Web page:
June 20 – Maya Protesters burn equipment at Guatemala gold mine – A group of Maya Mam villagers set fire to a pickup truck and an exploration drill rig, after the Canadian company Goldcorp repeatedly failed to remove the equipment off the community’s land.
June 19 – Peru revokes land laws, but the struggle continues – Yesterday Peru’s Congress overwhelmingly voted against two of the key land laws that sparked two months of protests, which culminated this month in a violent confrontation that left 34 dead and hundreds more injured and missing. Despite this important victory, the struggle is far from over.
June 17 – China: new protest over land development erupts in violence – Violence erupted between police and villagers protesting a land acquisition by the government, leaving around 18 people injured.
June 16 – Celebrity resort threatens isolated tribes – A luxury resort being built on the Andaman Islands in India is threatening the survival of the Jarawa tribe, who number just 320 and have only had contact with outsiders since 1998.
June 14 – Canada: What’s missing in Mining Act changes? The Right to Say NO – In response to proposed changes to Ontario’s Mining Act, Mushkegowuk Council, Kitchenuhmaykoosib Inninuwug and Ardoch Algonquin First Nation call on the province to respect the right of First Nations to say NO to all aspects of mining from prospecting to exploration to full mine development in their traditional territories.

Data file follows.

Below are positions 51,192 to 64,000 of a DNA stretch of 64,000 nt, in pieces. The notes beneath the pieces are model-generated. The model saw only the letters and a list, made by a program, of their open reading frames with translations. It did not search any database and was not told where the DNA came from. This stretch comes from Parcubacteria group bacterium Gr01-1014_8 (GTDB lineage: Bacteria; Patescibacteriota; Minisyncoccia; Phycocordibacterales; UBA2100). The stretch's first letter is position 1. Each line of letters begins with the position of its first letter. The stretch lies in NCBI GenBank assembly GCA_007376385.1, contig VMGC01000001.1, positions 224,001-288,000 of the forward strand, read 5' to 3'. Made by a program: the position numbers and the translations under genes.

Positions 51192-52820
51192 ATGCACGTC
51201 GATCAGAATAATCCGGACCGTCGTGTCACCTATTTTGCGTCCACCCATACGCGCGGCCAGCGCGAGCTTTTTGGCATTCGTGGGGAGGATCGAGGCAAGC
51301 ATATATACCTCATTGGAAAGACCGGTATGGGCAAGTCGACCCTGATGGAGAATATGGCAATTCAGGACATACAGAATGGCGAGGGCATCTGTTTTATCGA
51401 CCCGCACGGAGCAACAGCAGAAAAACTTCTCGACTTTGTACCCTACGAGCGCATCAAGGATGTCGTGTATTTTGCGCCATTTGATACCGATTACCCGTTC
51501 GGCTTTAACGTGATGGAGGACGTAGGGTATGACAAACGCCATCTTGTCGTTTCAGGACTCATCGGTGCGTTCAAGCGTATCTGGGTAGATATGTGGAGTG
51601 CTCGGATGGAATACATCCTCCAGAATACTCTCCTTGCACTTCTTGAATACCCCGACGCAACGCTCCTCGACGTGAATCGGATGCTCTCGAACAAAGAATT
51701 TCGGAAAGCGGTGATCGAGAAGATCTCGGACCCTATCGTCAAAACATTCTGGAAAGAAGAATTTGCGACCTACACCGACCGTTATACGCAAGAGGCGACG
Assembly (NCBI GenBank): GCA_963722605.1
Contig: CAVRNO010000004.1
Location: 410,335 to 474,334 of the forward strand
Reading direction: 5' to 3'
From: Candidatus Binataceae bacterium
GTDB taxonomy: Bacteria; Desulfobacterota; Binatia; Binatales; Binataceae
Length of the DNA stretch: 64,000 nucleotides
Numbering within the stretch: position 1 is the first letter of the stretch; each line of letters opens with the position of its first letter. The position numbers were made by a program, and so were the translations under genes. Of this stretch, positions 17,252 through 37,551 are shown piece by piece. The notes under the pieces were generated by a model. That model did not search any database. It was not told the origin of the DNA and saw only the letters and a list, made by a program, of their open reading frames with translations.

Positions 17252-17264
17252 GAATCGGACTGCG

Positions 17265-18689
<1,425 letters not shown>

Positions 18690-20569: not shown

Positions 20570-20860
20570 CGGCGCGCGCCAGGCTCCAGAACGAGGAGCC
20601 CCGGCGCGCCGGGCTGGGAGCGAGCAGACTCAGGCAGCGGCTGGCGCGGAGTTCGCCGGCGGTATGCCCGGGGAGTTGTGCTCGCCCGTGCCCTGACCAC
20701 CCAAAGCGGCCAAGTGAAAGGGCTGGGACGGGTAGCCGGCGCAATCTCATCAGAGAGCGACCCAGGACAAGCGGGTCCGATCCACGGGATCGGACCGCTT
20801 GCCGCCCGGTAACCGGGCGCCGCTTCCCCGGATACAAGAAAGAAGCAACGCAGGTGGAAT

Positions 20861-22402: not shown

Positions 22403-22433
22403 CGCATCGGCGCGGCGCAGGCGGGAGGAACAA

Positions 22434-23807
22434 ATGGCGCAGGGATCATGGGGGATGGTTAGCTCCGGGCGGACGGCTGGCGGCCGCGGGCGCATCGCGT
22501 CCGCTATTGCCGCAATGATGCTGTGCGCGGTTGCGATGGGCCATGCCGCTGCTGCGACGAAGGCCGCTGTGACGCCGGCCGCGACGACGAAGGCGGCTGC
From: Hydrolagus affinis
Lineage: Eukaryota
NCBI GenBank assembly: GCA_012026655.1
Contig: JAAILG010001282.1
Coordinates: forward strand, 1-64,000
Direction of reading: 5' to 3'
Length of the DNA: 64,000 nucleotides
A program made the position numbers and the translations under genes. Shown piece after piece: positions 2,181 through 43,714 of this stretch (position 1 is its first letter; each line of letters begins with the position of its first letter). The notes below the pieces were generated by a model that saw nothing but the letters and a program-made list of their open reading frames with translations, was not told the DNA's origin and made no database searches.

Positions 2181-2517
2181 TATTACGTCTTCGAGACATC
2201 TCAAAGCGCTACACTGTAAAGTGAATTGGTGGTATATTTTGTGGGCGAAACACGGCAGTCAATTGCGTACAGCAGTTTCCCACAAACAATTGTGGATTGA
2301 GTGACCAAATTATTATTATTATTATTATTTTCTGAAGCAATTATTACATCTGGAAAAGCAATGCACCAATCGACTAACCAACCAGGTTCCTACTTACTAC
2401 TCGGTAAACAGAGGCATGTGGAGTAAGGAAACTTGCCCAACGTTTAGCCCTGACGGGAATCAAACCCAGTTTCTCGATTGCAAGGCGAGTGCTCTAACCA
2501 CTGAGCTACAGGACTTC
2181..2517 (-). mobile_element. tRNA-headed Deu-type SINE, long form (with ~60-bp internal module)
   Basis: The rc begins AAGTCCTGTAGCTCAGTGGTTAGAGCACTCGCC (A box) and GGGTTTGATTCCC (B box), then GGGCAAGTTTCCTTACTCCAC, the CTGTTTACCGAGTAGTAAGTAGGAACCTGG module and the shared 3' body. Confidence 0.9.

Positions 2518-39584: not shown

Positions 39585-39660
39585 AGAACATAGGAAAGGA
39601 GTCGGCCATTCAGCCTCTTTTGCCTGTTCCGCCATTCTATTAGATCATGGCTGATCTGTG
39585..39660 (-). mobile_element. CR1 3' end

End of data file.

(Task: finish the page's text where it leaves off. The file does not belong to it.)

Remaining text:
June 13 – Over 250 indigenous people homeless in Bangladesh arson attacks – More than 250 members of Bangladesh’s indigenous Santal community were left homeless after attacks on their homes. Witnesses reported that as many as 300 men attacked the Santal, stealing and damaging their property, then setting their homes on fire.
June 12 – Australia: Indigenous Protesters burn, spear new government policy – Copies of the Northern Territory Government’s controversial funding policy for remote Indigenous communities have been burned and speared by Indigenous Peoples. Under the plan, funding would be kept at absolute minimum for 500 smaller communities, while they invest millions into 20 large communities with the aim of making them into towns – spelling the end for Indigenous Identity in those regions.
June 12 – NAFTA Tribunal recognizes Quechan sacred site – denies Glamis Gold’s claim – The only good thing to come of NAFTA. The Tribunal sided the with Quechan People and the U.S. Government who previously blocked Glamis Gold (now known as GoldCorp) from going ahead with a mining project on Quechan Lands.
June 11 – Outrage over WWF denial of indigenous rights around the world – Over 70 human rights and environmental groups from around the world expressed outrage at the planned launch of the World Wildlife Fund’s Aquaculture Stewardship Council last month. Influenced by the aquaculture industry, the WWF is completely ignoring indigenous people in six regions around the world.